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KiwiTR6

Mystery of Broken Gearbox Main-shaft Solved (or so we think)

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Sorry, but this is a follow-on from my harsh-shifting OD post that has been running for a wee while now.  I though this was worthy of a new post because it's such an odd event.

As I noted in that post, I lost all drive after having had the OD shifting in and out whilst the car was running on my hoist.  The only suggestion that made sense was that the main-shaft had fractured and after removing the GB and OD (for a second time inside a couple of weeks - much quicker this time though!) that's exactly what I found.

I'm no metallurgist (but I'm sure one of you is and will be able to confirm or correct my analysis) but the fracture appears to be relatively old with just a small section (the circle at 12 o'clock) remaining intact up to the time of failure.  I'm presuming that the stepped nature of the original fracture combined with limited longitudinal play in the shaft allowed the gearbox to continue to function for quite a period.

Anyway, I took the GB and OD to my repairer (I shipped it to him last time) and we discussed how this could possibly have happened as he'd never seen one fail in his 40 years of repairing them.

THEN I showed him a weld repair on the back of the gearbox (centre rear of box just in front of the white cloth) and he immediately responded "that's most likely what's caused the failure".  His view, which I have to agree with as I can think of no other feasible reason, is that the gearbox has been distorted by the weld repair causing the shaft to be forced to run out of alignment and eventually fracture at the circlip groove.  Had I not taken the box to him and simply sourced the parts and rebuilt it myself the same failure would have most likely been repeated (scary!!!). 

Fortunately for me, he has plenty of spare gearbox casings and possibly a spare shaft (to be confirmed) to rebuild the box for me.  

Time will tell, but I have my suspicions that this fracture has been the source of the OD's harsh shifting all along......

 

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Sounds a feasible explanation , maybe when you reinstalled the OD you tightened up everything and distorted the existing fracture enough for it to finally break. Circlip grooves are well known shaft stress raisers.

Hope your OD man has enough good parts to repair the whole assembly so that everything turns freely. 

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Hi Gavin,

I am not a metallurgist but spent many hours with the man at BA in doing my NDT job.

That nice round area just off centre suggests that the fracture was cause by torsion (twisting)

Apart from the moment the shaft snaps there isn't much movement between each side of the shaft to cause the surface to get damage.

Any small irregularity on the outside diameter can start the process and it only gets worse.

 

Many people get torsional and tensile fatigue confused. That round area is the give away.  Unlike a failed four pot crank that breaks at the big end journal.

If this was an aero-engine then those shaft (and other parts) would be MagParticle inspected at every strip down.  That crack had been there for some time.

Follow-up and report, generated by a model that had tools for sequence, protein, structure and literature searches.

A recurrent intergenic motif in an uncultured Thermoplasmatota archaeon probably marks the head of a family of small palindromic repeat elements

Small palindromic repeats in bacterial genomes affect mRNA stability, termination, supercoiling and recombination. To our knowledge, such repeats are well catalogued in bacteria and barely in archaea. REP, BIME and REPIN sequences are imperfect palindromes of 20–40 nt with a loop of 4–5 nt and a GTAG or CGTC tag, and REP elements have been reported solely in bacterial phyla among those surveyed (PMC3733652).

Roger

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Probably caused by dropping it out of overdrive on a trailing throttle too many times, Ive seen ones come back from the States in worse states than that.

Stuart.

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41 minutes ago, stuart said:

Probably caused by dropping it out of overdrive on a trailing throttle too many times, Ive seen ones come back from the States in worse states than that.

Stuart.

That sounds a very good cause. Any shock load is a no no.

 

Roger

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7 hours ago, stuart said:

Probably caused by dropping it out of overdrive on a trailing throttle too many times, Ive seen ones come back from the States in worse states than that.

Stuart.

Sounds like a harsh shifting overdrive (the original complaint) could be a cause of torsional overload.

I have had a couple of A type overdrives tear loose the pressed in brake ring for the unidirectional clutch. I assumed this was due to the A type having a harsher shift than the J type which is fitted to 3 of my 4 Triumphs. The 4th one is my PI estate which suffered the above failure.

Neil

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Thanks Stuart, Roger and Neil for your comments.

Just to be safe we'll go ahead with replacing the gearbox casing anyway.  The old casing can remain with the car for any future owner should they want matching numbers.

With regard to the shock loading from the OD on downshift, I noticed that just prior to the failure while I was running the car on my hoist with the new non-return valve fitted and filled with 75W80 semi-synthetic gear oil that the upshift was the smoothest I'd ever experienced.  There was a slight delay after flicking the switch then engagement with no shock whatsoever.  

However, the down shift was the complete opposite, immediate and harsh!

Is there a bleed down orifice or device that is out of spec and causing this?

Gavin

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Hi Gavin,

when shfting down coming out of OD ensure that the engines revs are kept higher than before flicking the switch.

 

Roger

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After reading this article I'm inclined to stick with the failure due to misalignment theory rather than torsional overload.....

https://www.efficientplantmag.com/2012/07/failure-analysis-of-machine-shafts/

 

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Edited by KiwiTR6
Added images

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